'Tis the week before Xmas and a good time to look back on the topics that we covered in 2018. So have some eggnog (or a nice Pinot Noir), play this Xmas music, and let's reminisce:
>January: we reviewed recent cases proving that in a contract, every word has meaning.
> February: we discussed the best response when you receive an unsolicited product idea from a customer.
>March: we pondered the scenario of whether a disgruntled buyer of a haunted house can sue and get some relief.
>April: we examined the effect of an "immortal soul clause" buried in a website's terms and conditions.
>May: we discovered that mere pressure to sign a contract isn't sufficient to void the contract for duress.
>June: No post - on family business.
>July: We found out what happens when you horse around with non-compete clauses.
>August: No post - on family business.
>September: We determined what you can do about lawyers who use goofy words.
>October: We sussed out whether "efforts" provisions in contracts are worth the drafting effort.
>November: We examined why your accounts payable folks should be familiar with the contractual doctrine of accord and satisfaction.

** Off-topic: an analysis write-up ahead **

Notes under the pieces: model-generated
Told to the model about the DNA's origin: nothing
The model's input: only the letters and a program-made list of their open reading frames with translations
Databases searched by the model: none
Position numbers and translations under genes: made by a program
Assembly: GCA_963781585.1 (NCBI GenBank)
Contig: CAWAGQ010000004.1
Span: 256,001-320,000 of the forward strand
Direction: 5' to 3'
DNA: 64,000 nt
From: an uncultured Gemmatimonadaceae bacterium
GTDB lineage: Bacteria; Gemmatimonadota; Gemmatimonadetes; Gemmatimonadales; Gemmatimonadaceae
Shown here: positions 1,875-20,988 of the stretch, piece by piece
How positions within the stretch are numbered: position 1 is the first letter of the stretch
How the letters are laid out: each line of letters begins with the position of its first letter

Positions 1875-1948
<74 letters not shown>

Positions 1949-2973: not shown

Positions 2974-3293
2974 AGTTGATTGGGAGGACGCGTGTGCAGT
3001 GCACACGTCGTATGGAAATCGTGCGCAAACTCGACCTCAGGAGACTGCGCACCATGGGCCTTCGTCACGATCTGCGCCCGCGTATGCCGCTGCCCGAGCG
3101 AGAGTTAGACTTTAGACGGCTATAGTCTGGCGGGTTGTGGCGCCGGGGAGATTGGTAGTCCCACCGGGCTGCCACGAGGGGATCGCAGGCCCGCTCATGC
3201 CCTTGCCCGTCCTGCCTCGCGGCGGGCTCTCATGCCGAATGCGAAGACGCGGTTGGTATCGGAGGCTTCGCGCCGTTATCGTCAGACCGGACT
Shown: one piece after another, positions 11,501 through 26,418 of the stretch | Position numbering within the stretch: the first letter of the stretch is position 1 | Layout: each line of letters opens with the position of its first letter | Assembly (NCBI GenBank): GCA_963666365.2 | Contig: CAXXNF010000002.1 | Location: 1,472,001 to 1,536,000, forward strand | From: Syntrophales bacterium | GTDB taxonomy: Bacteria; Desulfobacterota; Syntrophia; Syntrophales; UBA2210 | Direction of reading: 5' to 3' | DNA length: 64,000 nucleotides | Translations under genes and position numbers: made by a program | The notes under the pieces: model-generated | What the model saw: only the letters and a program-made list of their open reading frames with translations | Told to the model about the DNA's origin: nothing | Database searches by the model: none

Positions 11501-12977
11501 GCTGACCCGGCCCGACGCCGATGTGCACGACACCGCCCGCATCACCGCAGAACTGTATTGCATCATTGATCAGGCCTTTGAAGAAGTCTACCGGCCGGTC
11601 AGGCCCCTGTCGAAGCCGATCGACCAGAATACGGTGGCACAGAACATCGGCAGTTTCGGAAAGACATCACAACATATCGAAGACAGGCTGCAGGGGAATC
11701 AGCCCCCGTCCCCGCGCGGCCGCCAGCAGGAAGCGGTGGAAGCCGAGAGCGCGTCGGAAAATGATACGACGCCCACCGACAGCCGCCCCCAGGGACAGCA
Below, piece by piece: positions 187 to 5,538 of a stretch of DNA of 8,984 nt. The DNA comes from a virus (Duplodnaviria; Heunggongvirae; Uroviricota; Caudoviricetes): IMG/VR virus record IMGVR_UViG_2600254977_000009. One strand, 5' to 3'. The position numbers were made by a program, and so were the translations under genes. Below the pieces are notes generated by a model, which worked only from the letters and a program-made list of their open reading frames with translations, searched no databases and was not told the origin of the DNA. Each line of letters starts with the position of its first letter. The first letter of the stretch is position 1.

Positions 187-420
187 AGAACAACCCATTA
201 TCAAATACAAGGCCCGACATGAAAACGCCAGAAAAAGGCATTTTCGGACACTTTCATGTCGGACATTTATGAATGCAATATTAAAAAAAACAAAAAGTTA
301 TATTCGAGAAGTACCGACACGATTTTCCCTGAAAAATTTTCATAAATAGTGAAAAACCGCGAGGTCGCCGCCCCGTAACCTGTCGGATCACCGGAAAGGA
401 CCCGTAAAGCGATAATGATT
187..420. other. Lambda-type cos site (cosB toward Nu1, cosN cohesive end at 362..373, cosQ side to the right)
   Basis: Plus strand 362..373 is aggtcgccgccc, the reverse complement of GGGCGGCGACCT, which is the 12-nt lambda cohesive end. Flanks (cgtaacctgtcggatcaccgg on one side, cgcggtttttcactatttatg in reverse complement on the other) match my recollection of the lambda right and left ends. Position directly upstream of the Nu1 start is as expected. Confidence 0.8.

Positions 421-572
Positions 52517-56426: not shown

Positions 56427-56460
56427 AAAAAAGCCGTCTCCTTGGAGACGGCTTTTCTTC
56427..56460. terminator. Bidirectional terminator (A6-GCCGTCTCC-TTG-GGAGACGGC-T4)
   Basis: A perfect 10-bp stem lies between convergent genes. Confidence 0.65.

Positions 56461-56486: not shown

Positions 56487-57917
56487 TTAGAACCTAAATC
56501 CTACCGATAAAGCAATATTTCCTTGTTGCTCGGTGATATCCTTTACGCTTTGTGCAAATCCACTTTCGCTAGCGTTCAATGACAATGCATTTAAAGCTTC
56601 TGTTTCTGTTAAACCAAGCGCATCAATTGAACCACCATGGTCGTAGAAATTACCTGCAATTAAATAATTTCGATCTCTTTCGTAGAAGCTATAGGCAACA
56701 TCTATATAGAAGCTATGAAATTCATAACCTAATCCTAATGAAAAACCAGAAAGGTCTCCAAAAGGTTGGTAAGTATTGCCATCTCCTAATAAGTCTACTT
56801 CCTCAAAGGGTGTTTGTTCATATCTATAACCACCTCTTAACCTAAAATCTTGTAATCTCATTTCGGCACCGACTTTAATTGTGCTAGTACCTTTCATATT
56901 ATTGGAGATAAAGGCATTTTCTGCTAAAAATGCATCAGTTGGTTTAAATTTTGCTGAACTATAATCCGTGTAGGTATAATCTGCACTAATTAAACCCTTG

>December: We explained why, in a contract, a "condition" does not a "promise" make.
Apart from my advocacy of plain language in drafting contracts, my goal with this posts is to discuss a court case or contract law doctrine that is relevant to my target audience: those who work with contracts and would like a better understanding of what they mean.
The sad truth is that all too often business contracts: 1) are relegated to an electronic or physical file cabinet, never to see the light of day unless there's a problem; and 2) contain legal jargon that at worst is meaningless and at best frustrates the reader's understanding of the contract's content, regardless of whether the reader is a layperson, a judge, or a lawyer. In 2019, we'll continue the good fight to change this predicament!